Go work with people who you don't see every day or even on a weekly basis and see how much is retained after 2-3 weeks. your verbal discussion or the written presentation.

and funny you meantion about watching pros in the studio... just watched that last cannibal corpse dvd the making of.. and it's written.

But I see you are only 17 and think you already know what's best for everyone since you have had so much experience in the subject with all the many years of working with multiple musicians from all walks and ways of life near and far.


I don't understand your need to get all defensive about the subject; it's sign of uncertainty. Yes, I am 17, but I also am friends with international musicians, an Grammy Award-winning producer, and have devoted a large portion of my time to helping others and researching subjects in order to further my knowledge of the music business, theory, ethics, etc...

Cannibal Corpse may do that; all I'm saying is that it slows down the process when verbal communication isn't the #1 form of communication being used.
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ShaolinLambKiller
King Asshole

Joined: Fri Dec 07, 2007 6:10 pm
Posts: 12088
Location: United States
PostPosted: Wed Jan 09, 2013 2:24 pm 
 

I'm not defensive, I'm pointing out your flaws in your logic when people obviously with more expierence are teling you otherwise. And you being friends with someone who is noteworthy doesn't make you noteworthy or knowledgable.

I point out that you are 17 cause you have the typical 'I know everything' stance that every teenager gets, so it's more hilarious about any advice you have to offer. Esp after your display of knowledge on who uses what amps in the other thread. Don't bother responding any further, while I've found your posts amusing I don't think I can continue reading the same mindlessness. So on mute you go.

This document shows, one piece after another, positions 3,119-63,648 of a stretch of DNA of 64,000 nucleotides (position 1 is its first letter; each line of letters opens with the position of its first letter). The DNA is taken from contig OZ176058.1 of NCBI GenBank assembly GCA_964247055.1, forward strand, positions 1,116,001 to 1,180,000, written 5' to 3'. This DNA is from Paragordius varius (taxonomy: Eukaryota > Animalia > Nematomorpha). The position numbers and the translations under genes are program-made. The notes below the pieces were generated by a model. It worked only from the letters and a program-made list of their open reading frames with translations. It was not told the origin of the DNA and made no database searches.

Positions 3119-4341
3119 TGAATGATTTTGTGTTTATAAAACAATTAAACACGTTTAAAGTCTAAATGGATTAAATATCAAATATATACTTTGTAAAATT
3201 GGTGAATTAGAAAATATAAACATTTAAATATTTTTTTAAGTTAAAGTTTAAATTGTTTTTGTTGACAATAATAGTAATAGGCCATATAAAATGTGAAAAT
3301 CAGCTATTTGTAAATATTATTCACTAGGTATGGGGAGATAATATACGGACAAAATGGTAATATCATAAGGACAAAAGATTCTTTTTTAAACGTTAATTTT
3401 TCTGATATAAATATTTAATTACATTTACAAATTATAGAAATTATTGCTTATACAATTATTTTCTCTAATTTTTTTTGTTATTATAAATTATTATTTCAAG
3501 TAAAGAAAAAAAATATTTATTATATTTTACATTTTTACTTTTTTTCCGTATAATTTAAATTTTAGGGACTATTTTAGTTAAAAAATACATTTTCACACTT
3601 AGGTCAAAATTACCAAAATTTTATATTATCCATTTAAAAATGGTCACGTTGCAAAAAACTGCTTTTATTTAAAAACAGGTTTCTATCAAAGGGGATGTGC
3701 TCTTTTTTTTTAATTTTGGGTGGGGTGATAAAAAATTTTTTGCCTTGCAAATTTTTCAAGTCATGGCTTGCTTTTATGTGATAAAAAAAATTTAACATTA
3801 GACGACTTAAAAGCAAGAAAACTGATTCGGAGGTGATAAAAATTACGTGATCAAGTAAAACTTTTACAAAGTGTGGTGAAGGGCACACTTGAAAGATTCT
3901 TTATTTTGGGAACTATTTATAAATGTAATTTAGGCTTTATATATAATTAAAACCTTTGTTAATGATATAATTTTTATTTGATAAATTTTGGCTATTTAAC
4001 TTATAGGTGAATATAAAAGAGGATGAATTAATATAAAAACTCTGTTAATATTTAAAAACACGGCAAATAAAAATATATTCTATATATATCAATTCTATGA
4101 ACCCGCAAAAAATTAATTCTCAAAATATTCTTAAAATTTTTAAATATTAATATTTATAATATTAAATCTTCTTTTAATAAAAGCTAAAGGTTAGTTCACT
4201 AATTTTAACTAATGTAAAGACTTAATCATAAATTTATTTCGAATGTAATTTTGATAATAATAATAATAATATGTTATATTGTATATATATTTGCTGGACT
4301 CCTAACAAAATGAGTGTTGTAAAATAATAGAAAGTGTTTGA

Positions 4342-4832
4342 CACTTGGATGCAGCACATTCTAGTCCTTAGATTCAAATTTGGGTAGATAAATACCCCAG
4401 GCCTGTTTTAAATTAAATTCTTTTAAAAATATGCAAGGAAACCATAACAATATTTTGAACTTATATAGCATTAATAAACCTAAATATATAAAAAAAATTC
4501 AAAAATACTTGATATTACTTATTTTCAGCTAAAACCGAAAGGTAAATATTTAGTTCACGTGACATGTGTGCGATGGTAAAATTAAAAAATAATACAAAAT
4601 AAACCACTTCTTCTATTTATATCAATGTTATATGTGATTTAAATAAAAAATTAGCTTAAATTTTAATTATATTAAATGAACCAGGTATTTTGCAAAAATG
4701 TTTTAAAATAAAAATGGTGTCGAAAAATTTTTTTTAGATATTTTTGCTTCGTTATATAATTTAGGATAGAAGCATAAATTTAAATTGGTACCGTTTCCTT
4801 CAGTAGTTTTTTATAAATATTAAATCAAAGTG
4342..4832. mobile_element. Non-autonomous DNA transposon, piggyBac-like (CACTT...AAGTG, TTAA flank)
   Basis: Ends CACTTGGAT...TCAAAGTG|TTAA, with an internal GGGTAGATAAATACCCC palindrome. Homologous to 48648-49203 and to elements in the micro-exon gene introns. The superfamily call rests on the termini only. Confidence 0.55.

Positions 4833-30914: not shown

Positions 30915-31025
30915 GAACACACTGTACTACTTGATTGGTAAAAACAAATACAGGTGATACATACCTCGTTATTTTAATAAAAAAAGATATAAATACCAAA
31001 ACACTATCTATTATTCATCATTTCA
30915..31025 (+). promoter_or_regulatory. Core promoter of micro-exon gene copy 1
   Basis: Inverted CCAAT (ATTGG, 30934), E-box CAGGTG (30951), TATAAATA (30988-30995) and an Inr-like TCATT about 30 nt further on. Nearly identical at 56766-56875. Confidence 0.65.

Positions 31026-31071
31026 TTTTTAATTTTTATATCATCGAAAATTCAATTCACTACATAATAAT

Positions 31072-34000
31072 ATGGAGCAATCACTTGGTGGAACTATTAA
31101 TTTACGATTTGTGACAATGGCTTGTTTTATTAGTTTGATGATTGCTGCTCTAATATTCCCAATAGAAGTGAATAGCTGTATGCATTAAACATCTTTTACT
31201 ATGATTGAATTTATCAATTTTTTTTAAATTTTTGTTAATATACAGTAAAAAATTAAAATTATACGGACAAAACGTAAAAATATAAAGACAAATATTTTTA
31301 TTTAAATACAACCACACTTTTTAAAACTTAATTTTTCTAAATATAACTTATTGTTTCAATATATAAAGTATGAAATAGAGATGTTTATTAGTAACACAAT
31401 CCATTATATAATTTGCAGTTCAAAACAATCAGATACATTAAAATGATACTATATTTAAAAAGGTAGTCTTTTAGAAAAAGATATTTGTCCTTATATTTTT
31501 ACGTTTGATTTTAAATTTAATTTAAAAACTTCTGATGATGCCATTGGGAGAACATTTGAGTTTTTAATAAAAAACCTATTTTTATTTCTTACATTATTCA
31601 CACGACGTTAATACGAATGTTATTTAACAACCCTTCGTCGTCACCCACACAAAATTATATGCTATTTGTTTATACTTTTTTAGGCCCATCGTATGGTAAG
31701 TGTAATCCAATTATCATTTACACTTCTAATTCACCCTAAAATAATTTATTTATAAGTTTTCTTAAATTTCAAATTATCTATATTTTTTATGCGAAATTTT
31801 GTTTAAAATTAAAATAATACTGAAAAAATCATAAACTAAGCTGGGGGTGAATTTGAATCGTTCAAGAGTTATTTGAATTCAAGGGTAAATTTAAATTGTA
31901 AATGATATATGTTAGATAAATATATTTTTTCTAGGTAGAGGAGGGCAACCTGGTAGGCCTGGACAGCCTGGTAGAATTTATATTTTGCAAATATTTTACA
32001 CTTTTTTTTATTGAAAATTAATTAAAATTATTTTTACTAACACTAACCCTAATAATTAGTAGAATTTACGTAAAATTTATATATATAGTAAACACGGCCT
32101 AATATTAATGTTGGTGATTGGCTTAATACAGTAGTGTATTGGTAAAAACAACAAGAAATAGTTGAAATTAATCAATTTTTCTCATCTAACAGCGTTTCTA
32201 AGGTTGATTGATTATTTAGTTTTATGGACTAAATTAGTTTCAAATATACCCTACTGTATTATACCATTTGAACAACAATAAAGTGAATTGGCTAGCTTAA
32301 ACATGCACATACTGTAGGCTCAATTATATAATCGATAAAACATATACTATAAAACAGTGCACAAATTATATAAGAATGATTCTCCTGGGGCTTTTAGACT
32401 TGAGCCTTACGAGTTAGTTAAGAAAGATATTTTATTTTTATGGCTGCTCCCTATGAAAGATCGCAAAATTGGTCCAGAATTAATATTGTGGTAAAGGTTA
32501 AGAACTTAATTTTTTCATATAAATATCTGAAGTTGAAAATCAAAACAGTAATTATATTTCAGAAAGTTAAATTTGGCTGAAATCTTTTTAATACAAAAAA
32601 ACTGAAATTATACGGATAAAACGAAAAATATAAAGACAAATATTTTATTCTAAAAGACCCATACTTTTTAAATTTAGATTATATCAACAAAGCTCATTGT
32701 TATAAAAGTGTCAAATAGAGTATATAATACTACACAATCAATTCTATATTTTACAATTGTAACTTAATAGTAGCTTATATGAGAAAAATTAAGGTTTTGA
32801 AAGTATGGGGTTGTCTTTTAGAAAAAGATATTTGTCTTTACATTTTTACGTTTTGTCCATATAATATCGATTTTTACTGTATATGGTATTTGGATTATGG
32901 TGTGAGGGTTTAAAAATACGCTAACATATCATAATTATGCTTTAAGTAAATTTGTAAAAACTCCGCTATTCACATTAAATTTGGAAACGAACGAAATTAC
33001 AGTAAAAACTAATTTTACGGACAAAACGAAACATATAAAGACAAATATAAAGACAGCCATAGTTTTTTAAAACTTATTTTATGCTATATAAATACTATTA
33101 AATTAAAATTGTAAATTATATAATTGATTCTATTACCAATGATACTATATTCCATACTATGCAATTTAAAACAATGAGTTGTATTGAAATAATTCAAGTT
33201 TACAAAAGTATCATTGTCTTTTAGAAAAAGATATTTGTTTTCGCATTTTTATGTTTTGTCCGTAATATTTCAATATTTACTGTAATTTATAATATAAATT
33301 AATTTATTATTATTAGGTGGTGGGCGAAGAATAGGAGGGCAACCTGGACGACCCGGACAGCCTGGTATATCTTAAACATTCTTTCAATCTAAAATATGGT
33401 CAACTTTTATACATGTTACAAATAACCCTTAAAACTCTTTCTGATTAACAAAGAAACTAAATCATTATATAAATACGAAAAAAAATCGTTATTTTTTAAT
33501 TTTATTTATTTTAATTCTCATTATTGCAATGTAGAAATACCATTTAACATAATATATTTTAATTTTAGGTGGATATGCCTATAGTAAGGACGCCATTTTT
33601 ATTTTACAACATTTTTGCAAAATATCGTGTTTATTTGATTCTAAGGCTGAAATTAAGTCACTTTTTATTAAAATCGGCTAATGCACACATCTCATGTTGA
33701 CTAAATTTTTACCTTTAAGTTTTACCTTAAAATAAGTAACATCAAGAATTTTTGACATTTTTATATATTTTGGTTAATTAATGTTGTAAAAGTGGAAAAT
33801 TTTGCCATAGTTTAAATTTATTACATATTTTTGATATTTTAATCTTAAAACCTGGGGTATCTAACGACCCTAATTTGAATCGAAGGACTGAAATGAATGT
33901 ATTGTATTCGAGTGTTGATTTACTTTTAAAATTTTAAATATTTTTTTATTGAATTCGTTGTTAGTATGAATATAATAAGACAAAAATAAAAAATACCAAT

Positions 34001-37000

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Zodijackyl
Lazy Wizard

Joined: Wed Apr 30, 2008 5:39 pm
Posts: 4975
Location: United States
PostPosted: Wed Jan 09, 2013 3:17 pm 
 

No more arguing. Any more arguing/off-topic comments in this thread and you'll be fired into the sun. Discussion is fine, as long as it's constructive and not petty.

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kingnuuuur
Metalhead

Joined: Thu Apr 24, 2008 3:35 pm
Posts: 2138
PostPosted: Wed Jan 09, 2013 4:30 pm 
 

Voorvader wrote:
Zodijackyl wrote:
Written communication is much more precise than verbal communication when communicating about music.

Go watch professionals in the studio; the majority of them use verbal communication. It's faster, and the more you do it the more precise it gets, thus generating better productivity.

You do realize that professionals in the studio have 99% of their stuff written down and practiced long before they hit the studio, right? And you do realize that studio time can be pretty expensive and therefore better spent not talking about which scale you think fits best on X passage, right?

Voorvader wrote:
The more you think about it the less fun it is for the musician and the less person the piece of music becomes. If you're finding yourself trying to compose music such as the band Wintersun, then yeah, music theory will most likely be needed unless you've got god-like raw talent.

You don't even need to learn music theory to write music like Wintersun. A couple of days on Guitar Pro and you're set. :lol:

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Voorvader
Metal newbie

Joined: Thu Jan 03, 2013 11:30 am
Posts: 41
Location: United States
PostPosted: Wed Jan 09, 2013 7:46 pm 
 

Clearly the administrators are only here to try and prove that they are the all-knowing gods. I offer my advice, and if people disagree, they disagree; if people agree, they agree. Calling me uneducated and inexperienced is just ignorant considering they don't personally know me. If they don't like what I have to say, simply say so an I'll defend myself; that's how the readers can figure out which advice they wish to take. By "muting" me they're simply stating that they don't want this forum's users to offer advice and that the administrators are the only ones worthy of offering anything. If I disagree with a admin why does that automatically make me incorrect?